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Re: Translating GZDoom's text content. Read if you want to h

Postby Graf Zahl » Sun Jul 14, 2019 10:19 am

Xeotroid wrote:There's thousands of these and even a 32x32 sprite resolution would theoretically only allow for 1024 unique glyphs.


Huh? You have 1024 PIXELS in such a glyph, resulting in 2^1024 = 1.797693134862315907729305190789e+308 possible characters with such a matrix.

Regarding input, AFAIK Chinese IMEs depend on Pinyin, but then I ultimately have to wonder why they don't switch to that fully - in order to work they'll need to be able to understand it anyway... But I guess in the end it comes down to the simple fact that culture is important, even when impractical.

On the other hand the Mongolians managed to replace their ancient script with Cyrillic during the 20th century and the Vietnamese with an extended Latin script, so such a thing is not impossible.
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Re: Translating GZDoom's text content. Read if you want to h

Postby Gez » Sun Jul 14, 2019 10:39 am

Hangul could work much more easily if you had a variant script in which the letters stand alone (like in most alphabets and abjads) instead of being combined into syllabic blocks. To take Wikipedia's example: ㄲㅜㄹ ㅂㅓㄹinstead of 꿀벌. Even if you included all the obsolete letters (the large majority of which are actually double letters, like ligature or how w was originally vv) you still get below 160 symbols to draw. That's okay.

However, with the block system, even with just the 24 letters from modern South Korean, you have thousands upon thousands of combinations.
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Re: Translating GZDoom's text content. Read if you want to h

Postby Xeotroid » Sun Jul 14, 2019 10:44 am

Oh, I'm dumb. Yeah.

Mongolian's switch to Cyrillic was forced for political reasons, if I recall correctly. However, there was a successful attempt to adopt Latin alphabet in the first half of 20th century, but that got reverted and replaced with Cyrillic. Looking up Vietnamese, the Latin alphabet was forced by the French colonisation, and it stuck. Makes me wonder what other places could have had attempts for this sort of change, like India or Thailand, both with their own unique scripts.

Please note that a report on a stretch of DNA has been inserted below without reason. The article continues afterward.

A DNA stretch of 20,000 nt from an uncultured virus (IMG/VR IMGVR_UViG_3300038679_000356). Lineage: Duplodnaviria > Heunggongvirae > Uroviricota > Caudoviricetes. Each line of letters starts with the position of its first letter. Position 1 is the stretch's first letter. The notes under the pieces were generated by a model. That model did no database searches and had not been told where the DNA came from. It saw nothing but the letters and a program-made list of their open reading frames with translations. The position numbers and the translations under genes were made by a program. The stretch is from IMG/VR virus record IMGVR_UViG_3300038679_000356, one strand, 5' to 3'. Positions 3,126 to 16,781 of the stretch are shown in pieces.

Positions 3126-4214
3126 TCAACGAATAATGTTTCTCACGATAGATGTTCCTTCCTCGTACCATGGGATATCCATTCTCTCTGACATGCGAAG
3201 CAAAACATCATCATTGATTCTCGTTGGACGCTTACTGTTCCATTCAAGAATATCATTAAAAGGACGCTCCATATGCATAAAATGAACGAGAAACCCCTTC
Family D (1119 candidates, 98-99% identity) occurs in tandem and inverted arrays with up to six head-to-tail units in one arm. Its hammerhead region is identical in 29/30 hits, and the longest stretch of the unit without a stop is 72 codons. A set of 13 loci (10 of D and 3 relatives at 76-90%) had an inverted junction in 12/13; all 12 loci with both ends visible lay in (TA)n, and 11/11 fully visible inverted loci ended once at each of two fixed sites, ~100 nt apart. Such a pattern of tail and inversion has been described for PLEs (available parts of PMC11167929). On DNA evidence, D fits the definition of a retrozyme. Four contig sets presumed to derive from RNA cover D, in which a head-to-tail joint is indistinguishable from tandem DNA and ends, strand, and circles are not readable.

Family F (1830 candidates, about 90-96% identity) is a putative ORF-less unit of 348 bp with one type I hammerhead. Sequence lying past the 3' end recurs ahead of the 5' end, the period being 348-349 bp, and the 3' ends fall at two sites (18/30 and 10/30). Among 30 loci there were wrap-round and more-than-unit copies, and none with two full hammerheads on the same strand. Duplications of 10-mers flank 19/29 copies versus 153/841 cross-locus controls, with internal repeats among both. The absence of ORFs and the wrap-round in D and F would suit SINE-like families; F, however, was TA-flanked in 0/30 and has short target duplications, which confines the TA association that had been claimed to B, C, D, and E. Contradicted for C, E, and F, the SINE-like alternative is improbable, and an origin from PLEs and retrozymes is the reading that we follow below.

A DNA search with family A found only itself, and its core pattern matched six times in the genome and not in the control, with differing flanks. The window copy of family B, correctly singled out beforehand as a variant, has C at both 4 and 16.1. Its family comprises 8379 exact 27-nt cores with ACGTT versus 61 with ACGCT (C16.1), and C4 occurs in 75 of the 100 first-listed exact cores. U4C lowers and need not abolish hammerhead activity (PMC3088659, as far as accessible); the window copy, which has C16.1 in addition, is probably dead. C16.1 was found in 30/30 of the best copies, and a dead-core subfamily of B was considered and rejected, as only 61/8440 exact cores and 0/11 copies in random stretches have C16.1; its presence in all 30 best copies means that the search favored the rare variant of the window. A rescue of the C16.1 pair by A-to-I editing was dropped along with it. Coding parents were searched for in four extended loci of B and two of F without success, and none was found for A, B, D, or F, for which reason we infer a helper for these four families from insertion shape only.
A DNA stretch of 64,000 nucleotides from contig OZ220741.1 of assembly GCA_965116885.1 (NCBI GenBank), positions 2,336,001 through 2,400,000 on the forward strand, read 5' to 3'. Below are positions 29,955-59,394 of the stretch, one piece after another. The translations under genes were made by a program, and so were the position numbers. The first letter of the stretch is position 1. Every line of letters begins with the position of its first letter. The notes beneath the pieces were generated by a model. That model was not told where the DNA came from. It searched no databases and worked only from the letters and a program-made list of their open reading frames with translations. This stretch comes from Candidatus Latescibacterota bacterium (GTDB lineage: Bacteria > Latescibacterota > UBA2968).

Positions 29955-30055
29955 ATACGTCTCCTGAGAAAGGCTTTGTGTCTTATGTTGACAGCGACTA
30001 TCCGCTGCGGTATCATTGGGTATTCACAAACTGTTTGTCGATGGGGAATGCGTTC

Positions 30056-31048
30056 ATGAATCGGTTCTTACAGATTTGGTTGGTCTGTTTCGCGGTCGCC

Edit: Speaking of Mongolian, there might also be the issue of "we need a change" vs. "if it works, it works", since Mongolian had way too many different alphabets over the years, so the population's stance on something more standardised may had been more favourable.
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Re: Translating GZDoom's text content. Read if you want to h

Postby Graf Zahl » Sun Jul 14, 2019 10:56 am

I think in both cases it came down to a highly increased rate of literacy after the script change as the reason for why it stuck. All those people who suddenly had access to literature would be very unwilling to give it up again, just for tradition's sake.

Such things are mostly decided by practicality reasons in the end.
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Re: Translating GZDoom's text content. Read if you want to h

Postby Kinsie » Mon Jul 15, 2019 7:30 am

Xeotroid wrote:Yeah, I have no idea how Korean, Chinese and Japanese are supposed to work with low resolution fonts. Maybe Korean and Japanese kanas, sure, since there's a sane number of characters in these, but how the hell would Kanji get done? There's thousands of these and even a 32x32 sprite resolution would theoretically only allow for 1024 unique glyphs. I guess this thing speaks for itself.

Kanji was largely avoided by Japanese game developers in the days before higher resolutions, for both legibility and memory reasons - it was a lot easier to fit 46 kana characters into your limited tile memory than 2136 kanji characters! (It was even easier to fit just 26 English characters, which is why many 80s Japanese games use poorly-written English instead of their native tongue).
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Re: Translating GZDoom's text content. Read if you want to h

Postby Captain J » Mon Jul 15, 2019 9:26 am

Done and done! i've just translated all the texts of Hacx! Tho not sure about the STSTR_MUS one... You may delete it clean if this one causes errors.
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Re: Translating GZDoom's text content. Read if you want to h

Postby Graf Zahl » Mon Jul 15, 2019 9:35 am

Why should it cause errors? My remark was about the content - all its meaning is lost if translated. But I cannot judge it for a language with an entirely different script.
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Re: Translating GZDoom's text content. Read if you want to h

Postby Undead » Mon Jul 15, 2019 9:44 am

Funny thing about Serbian: many people online just write it with the Latin script and replace letters like č, š, ž with c, s, and z. I'm sure people would resort to that for unofficial localizations if some program doesn't support any extra characters, but it's a good thing we have Unicode. :D